The language of genes has become common parlance. We know they make your eyes blue, your hair curly, or your nose straight. The media tells us that our genes control the risk of cancer, heart disease, alcoholism, or Alzheimer's. The cost of DNA sequencing has plummeted from billions of dollars to a few hundred, and gene-based advances in medicine hold huge promise.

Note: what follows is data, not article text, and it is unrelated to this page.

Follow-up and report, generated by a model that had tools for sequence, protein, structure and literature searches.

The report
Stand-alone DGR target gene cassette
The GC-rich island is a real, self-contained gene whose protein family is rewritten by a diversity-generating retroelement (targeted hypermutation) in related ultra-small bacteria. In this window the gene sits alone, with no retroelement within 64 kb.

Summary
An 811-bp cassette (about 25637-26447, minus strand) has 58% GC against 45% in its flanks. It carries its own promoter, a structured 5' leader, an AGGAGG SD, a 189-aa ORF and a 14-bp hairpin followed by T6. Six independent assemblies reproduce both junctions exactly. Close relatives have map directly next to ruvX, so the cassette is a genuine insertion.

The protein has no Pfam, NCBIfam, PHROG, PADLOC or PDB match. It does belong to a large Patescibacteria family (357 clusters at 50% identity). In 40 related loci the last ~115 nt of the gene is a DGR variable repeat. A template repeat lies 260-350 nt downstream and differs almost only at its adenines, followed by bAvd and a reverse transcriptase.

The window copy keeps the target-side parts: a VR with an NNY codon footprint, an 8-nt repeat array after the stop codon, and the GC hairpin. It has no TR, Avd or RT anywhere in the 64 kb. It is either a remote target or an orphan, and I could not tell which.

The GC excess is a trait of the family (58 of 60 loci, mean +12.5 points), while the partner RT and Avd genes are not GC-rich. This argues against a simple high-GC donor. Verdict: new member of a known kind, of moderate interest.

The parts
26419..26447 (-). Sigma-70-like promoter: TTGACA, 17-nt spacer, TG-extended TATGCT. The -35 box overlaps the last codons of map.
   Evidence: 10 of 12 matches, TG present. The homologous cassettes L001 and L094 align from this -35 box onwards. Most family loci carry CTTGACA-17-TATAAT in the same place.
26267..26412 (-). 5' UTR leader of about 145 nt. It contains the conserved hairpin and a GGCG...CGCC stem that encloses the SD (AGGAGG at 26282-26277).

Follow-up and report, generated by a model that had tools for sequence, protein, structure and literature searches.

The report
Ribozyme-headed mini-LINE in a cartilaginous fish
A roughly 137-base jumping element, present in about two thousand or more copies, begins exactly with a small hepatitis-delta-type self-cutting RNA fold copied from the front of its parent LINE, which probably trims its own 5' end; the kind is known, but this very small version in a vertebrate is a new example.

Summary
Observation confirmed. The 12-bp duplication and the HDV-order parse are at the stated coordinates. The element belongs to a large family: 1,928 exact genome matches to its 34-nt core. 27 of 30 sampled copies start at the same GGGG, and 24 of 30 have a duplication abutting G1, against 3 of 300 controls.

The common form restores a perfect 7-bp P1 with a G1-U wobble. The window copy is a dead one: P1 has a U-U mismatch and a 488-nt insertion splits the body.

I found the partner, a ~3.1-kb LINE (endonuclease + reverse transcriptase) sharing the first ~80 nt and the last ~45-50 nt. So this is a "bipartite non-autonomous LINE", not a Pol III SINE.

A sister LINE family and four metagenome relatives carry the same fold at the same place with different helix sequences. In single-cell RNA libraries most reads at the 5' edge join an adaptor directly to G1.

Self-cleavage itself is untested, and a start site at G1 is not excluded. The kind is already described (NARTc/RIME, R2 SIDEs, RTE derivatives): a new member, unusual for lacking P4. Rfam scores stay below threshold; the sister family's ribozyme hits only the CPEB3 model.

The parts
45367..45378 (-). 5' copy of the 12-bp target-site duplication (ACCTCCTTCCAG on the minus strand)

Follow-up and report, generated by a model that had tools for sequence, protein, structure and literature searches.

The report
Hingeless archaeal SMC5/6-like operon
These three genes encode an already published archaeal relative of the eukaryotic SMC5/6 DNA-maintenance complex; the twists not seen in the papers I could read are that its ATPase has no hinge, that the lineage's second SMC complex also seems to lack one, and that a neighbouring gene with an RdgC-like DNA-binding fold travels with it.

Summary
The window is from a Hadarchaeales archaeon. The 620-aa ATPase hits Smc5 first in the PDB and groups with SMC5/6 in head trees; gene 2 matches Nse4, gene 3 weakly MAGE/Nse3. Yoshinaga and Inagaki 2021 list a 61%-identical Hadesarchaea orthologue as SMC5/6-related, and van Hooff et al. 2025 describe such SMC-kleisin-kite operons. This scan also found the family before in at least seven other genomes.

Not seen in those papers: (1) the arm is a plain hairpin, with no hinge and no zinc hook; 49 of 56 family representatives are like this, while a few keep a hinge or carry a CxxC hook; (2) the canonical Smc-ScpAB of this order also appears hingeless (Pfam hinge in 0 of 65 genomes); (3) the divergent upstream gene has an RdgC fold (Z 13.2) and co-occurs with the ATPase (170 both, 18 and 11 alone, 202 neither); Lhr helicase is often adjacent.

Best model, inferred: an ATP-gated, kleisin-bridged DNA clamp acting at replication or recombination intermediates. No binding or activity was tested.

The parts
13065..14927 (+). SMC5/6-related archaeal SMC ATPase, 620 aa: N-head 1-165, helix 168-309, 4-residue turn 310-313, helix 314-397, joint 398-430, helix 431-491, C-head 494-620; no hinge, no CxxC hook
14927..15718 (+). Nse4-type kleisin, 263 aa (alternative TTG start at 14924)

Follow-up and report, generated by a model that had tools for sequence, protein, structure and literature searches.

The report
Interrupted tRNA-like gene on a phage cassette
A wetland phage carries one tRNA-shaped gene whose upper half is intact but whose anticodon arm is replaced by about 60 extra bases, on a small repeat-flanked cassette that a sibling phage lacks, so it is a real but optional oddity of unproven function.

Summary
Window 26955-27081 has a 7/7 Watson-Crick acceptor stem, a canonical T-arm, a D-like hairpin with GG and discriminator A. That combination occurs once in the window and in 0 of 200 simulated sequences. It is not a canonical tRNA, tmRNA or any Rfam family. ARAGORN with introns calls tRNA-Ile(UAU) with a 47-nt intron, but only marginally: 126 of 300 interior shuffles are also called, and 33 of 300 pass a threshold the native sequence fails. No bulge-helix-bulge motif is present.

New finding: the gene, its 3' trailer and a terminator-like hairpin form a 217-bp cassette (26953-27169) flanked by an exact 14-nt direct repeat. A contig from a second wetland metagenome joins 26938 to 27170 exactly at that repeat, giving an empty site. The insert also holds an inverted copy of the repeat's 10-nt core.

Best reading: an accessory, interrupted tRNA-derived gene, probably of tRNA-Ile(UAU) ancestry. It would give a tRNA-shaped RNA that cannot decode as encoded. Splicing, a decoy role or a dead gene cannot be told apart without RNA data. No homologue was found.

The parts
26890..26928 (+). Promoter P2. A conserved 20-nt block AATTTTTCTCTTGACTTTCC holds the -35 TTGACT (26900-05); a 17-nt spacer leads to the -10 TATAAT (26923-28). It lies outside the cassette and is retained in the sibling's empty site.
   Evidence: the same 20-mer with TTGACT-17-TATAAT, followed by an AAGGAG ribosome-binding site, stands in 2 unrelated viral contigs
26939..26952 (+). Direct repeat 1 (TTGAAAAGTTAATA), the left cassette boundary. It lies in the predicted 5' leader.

So we've all heard of genes, but how do they actually work? According to legend, Ernest Hemingway was once given a six-toed cat by an old sea captain, and her distinctive descendants still roam the writer's Florida estate today. Scientists now know that the fault driving this profusion of digits lies in a tiny genetic control switch, miles away (in molecular terms) from the gene that "makes" toes. And it's the same mistake that gives rise to multi-toed humans too. There are 2.2 meters of DNA inside every one of your cells, encoding roughly 20,000 genes. These are the "recipes" that tell our cells how to make the building blocks of life, along with myriad control switches ensuring they're turned on and off at the right time and in the right place. But rather than a static string of genetic code, this is a dynamic, writhing biological library. And figuring out how it all works--how your genes make you, you--is a major challenge for researchers around the world. Drawing on stories ranging from six-toed cats and stickleback hips to wobbly worms and zombie genes, geneticist Kat Arney explores the how our genes work, creating a companion to the book of life itself.